The Friendships We Foster on Facebook

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friendships on facebookTo the moms I’ve re-friended from my childhood, thank you

We became friends long before Facebook existed. We met sometime in elementary school and naturally gravitated toward each other. We traded stickers, caught ladybugs, read the entire series of The Babysitters Club, and frowned when our moms arrived to pick us up from epic play dates or sleepovers.  

We drifted apart, not because we had a falling out, but because we parted ways in middle or high school. We tried to stay in touch via the old fashioned telephone, but there was just too much to explain each time we called each other. And so, we lost touch. Over the years, our moms would run into each other in the neighborhood and share our updates. They’d report back to us, and we’d smile, happy the other was still living a happy life. 

And then, sometime in our own adulthood, we found each other on Facebook.

It was a happy blast from the past. We couldn’t help but smile as we looked at each other’s profile pictures, still seeing pieces of our little girl selves in the now older faces. 

We’re both moms now. While we haven’t reunited, I want you to know that you hold a special place in my heart. When I watch my kids rush up to their little buddies, I remember our friendship. When I look at the pictures of you with your child, I can see a mother’s love with so much more clarity. It’s how our mothers looked at us, but we were just too young to know. 

To the moms I’ve re-friended from my adolescence, thank you. 

Describing our relationship is much trickier. We were friends in high school, but the degree of our bond fluctuated during those tumultuous teenage years. We always ran in the same wide circle of friends, but our closeness depended upon how many classes we shared and the latest drama.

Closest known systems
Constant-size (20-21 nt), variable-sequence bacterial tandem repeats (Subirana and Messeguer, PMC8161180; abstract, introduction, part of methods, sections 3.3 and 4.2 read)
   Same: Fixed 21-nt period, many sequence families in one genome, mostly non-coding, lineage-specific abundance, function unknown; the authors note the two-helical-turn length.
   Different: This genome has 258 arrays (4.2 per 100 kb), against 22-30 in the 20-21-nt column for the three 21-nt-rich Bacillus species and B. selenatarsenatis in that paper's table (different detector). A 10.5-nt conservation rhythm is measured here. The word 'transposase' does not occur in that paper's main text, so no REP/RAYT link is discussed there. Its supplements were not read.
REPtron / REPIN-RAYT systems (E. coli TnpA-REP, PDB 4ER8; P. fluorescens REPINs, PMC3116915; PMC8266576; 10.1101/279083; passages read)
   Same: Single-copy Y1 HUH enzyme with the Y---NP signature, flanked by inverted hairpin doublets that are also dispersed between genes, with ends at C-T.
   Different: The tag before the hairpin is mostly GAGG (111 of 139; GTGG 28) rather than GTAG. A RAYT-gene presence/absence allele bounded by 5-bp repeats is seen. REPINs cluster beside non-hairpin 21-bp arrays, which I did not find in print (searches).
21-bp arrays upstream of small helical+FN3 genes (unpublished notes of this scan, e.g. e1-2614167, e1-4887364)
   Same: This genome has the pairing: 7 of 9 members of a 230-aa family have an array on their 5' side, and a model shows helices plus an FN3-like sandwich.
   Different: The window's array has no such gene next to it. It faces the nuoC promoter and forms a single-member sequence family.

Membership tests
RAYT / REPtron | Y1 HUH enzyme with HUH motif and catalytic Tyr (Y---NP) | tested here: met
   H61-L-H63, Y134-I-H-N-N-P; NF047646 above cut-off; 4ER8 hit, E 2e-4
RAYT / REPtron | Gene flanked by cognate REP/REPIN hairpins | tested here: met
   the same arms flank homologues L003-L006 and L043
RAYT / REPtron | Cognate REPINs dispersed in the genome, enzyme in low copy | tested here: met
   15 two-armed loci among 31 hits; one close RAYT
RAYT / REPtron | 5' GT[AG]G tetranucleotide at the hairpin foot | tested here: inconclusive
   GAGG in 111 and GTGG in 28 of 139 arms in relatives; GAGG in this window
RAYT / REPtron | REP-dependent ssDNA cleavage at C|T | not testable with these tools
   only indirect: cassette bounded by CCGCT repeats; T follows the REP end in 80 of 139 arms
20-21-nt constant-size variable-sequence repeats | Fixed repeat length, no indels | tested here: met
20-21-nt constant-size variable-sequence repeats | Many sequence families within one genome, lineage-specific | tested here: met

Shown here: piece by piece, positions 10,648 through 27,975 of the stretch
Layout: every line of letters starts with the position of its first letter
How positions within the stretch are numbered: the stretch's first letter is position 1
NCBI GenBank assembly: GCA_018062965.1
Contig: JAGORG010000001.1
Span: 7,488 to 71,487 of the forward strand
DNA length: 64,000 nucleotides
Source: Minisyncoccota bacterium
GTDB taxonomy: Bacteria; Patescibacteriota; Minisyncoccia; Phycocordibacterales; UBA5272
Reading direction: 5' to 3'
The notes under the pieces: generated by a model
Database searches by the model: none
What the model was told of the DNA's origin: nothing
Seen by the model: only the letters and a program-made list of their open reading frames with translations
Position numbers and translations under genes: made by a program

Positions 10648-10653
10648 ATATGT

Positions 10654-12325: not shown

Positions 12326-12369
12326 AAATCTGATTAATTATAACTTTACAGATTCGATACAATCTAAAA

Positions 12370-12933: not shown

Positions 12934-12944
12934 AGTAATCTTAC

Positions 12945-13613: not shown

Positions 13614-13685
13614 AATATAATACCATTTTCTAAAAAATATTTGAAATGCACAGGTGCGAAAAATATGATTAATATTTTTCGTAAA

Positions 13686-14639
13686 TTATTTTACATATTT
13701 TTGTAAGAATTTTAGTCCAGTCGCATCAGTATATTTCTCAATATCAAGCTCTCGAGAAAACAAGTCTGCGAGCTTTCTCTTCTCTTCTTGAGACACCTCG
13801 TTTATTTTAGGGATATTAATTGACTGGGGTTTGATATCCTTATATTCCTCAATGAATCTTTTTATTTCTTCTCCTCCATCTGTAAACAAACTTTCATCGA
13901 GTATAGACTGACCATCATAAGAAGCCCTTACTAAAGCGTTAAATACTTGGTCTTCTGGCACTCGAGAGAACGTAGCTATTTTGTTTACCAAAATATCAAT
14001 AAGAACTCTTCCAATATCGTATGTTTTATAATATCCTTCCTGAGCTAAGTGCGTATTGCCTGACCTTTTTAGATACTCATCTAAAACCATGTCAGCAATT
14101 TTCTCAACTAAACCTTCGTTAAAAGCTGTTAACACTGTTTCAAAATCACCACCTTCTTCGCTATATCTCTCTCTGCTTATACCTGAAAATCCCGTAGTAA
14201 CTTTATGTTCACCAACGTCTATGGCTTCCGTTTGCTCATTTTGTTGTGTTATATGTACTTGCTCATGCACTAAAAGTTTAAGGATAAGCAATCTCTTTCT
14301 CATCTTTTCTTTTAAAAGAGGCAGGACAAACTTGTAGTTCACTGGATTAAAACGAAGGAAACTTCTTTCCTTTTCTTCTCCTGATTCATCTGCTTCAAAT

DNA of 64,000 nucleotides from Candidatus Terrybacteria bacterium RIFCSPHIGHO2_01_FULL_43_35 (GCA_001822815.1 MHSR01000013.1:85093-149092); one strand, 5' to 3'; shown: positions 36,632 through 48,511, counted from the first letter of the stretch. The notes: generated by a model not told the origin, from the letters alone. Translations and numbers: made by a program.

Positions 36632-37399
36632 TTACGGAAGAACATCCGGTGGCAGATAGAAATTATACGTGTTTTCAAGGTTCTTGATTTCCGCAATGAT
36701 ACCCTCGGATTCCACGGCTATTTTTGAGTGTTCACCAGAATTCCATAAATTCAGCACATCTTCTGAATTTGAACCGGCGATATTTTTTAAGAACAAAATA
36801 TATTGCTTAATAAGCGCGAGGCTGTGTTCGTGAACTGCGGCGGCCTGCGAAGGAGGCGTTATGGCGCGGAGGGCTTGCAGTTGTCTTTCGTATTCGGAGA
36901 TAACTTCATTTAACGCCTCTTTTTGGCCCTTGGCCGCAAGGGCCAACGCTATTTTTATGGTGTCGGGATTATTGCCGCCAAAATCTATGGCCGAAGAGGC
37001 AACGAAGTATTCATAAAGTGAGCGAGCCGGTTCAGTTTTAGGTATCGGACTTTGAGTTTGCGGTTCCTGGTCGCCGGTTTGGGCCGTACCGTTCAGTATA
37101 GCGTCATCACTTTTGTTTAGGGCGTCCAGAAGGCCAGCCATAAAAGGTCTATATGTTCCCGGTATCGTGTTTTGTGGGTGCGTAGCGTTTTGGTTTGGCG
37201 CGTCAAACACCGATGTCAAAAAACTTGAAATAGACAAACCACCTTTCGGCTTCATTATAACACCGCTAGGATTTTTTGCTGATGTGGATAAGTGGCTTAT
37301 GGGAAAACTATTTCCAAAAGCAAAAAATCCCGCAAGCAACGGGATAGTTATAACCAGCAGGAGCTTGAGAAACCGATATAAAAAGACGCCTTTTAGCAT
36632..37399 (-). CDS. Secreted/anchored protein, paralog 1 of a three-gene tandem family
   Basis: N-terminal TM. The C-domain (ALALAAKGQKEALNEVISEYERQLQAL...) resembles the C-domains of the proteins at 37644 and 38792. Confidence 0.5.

We drifted in and out of each other’s lives after graduation. I grew closer with some of you during college, mostly due to the proximity of our new schools, our overlapping vacations, and the technological breakthrough of AOL instant messenger and cell phones. It wasn’t surprising that the rest of us lost touch, for we had merely been friends by association. 

Throughout our early adulthood, we randomly reunited at bars or bumped into each other on Manhattan streets. Obviously, we sent a flurry of Facebook friend requests after such encounters. 

Becoming moms brought us closer together. We learned of each other’s pregnancies via Facebook.

Our kids were due within months of each other. We began texting each other frequently after our babies were born. We arranged play dates (or mommy dates). While we only see each other a couple of times a year, I am thankful for our text threads, which keep me calm and laughing as we trade our current drama regarding the mini-teenagers we’re raising. 

To the moms I’ve befriended over the past few years, thank you. 

I met you in various places, from hospital groups, to libraries, to FCM contributor events, to PTA meetings, to local sports practices. Our relationship is exclusively centered around our common identity as moms. We are still getting to know each other better, but I believe there is a kindred spirit between us.

We turn to each other on Facebook, no matter the time of day, and send a message to our shared group. We ask pertinent questions about school, recommend contractors, joke about something taboo, share cute stories about our kids, praise each other’s posts, organize meet-ups, wish the happiest of holidays and birthdays, etc. We respect each other as moms, momming the best we can. 

I thank you for helping me realize the power of new friends. I feel welcome in this large community of moms, and I’m reminded of the goodness in the world by how far our village extends. 

You’ve given me a sounding board, a platform to write, and the confidence to put myself out there.

I hope you all feel the same way about me.

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